- EPub is winning the hearts in the format wars. And to my eyes, kindle (and its format) looks a little like Windows 1.0 – it’s a step towards the Amazon dominance, but there’s still time for other formats/platforms to play – they just have to remember what happened when Microsoft released Windows 3.0 (and hope that epub stakes its claim before Amazon gets to an analogous release.)
- Publishers are thinking about new workflows to incorporate ebooks (or subcontracting the digitising of backlists). And whilst xml *should* play some role, I suspect the real-life ebook workflow will be the ‘export to epub’ button.
And doesn’t say very nice things:
In the end, we’re just not sure Amazon put enough thought into the Kindle DX to justify the launch hype — fundamentally, it really is just a Kindle 2 with a larger screen and more storage, and while that means the core experience of simply reading a book is somewhat more pleasant, all of the Kindle 2’s limitations are still front and center, and in some ways made worse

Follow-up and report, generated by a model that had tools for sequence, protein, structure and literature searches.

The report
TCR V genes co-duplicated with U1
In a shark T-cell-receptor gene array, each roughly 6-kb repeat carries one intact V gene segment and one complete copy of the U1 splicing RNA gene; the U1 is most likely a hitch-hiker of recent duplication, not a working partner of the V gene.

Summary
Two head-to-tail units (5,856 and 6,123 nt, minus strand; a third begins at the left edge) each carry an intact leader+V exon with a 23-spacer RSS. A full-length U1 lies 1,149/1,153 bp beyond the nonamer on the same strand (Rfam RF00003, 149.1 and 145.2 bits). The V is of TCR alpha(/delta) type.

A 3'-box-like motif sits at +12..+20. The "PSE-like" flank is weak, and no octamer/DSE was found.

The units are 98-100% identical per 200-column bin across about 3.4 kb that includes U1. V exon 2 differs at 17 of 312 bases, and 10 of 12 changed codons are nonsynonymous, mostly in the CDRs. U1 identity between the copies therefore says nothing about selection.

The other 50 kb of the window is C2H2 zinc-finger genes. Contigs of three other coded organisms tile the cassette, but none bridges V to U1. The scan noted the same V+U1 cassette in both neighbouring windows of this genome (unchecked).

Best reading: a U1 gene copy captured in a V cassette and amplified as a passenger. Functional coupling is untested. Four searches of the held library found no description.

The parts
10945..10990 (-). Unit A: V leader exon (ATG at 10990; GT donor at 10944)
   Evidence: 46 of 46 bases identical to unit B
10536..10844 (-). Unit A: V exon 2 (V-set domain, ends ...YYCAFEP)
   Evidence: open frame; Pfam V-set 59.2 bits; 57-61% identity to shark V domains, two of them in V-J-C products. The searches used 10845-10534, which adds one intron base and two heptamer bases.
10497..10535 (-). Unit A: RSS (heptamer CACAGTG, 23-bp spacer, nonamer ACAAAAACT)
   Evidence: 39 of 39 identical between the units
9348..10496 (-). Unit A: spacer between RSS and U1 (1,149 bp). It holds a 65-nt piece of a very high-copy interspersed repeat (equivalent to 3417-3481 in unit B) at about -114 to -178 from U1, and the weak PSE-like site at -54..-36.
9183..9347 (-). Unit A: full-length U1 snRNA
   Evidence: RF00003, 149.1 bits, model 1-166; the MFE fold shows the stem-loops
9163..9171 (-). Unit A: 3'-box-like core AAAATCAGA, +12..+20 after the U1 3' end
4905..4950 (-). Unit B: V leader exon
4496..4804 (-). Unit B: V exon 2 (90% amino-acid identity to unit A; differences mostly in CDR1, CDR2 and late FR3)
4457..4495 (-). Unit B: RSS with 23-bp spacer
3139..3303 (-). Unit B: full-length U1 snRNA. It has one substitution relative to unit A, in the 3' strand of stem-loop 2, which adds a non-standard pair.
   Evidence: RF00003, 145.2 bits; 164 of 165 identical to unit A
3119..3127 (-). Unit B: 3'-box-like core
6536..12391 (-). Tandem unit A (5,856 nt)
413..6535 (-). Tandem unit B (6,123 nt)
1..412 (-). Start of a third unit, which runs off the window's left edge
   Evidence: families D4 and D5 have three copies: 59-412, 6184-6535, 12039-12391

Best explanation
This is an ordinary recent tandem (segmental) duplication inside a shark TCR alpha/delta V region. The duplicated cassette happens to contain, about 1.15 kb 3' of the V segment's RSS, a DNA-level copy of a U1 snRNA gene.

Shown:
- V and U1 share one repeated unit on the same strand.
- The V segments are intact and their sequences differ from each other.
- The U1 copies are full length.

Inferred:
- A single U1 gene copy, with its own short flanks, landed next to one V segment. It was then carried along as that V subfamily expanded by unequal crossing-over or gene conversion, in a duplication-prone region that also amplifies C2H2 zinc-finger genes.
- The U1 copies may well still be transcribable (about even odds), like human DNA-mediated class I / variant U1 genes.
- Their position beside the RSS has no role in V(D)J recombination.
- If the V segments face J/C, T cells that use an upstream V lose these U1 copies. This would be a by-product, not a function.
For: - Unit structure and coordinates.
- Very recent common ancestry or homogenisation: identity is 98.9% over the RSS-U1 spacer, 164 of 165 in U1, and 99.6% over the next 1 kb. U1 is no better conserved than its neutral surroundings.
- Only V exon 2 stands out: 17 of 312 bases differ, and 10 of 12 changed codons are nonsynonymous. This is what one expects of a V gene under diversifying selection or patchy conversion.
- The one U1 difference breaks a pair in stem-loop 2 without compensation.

Read the whole thing here.
Not quite, but we saw Tower records disappear a few years back, and now Manhattan’s last Virgin megastore is closed. From the New York Times:
It was the final day of business for the Virgin Megastore chain in North America, which at its peak had 23 locations but by Sunday was down to two: the 57,000-square-foot, two-level New York outlet, and a smaller Hollywood shop that was also set to close.
Of course, the reasons for the death of the Virgin Megastore are complex. As the Times piece points out, it was not just digital downloads, not just a global financial crisis, not just changing business approaches and owners. In truth it was a combination of factors. But to deny the impact of all things digital, particularly bittorrent and itunes would be foolish. Yes, the music industry is not the book industry. But….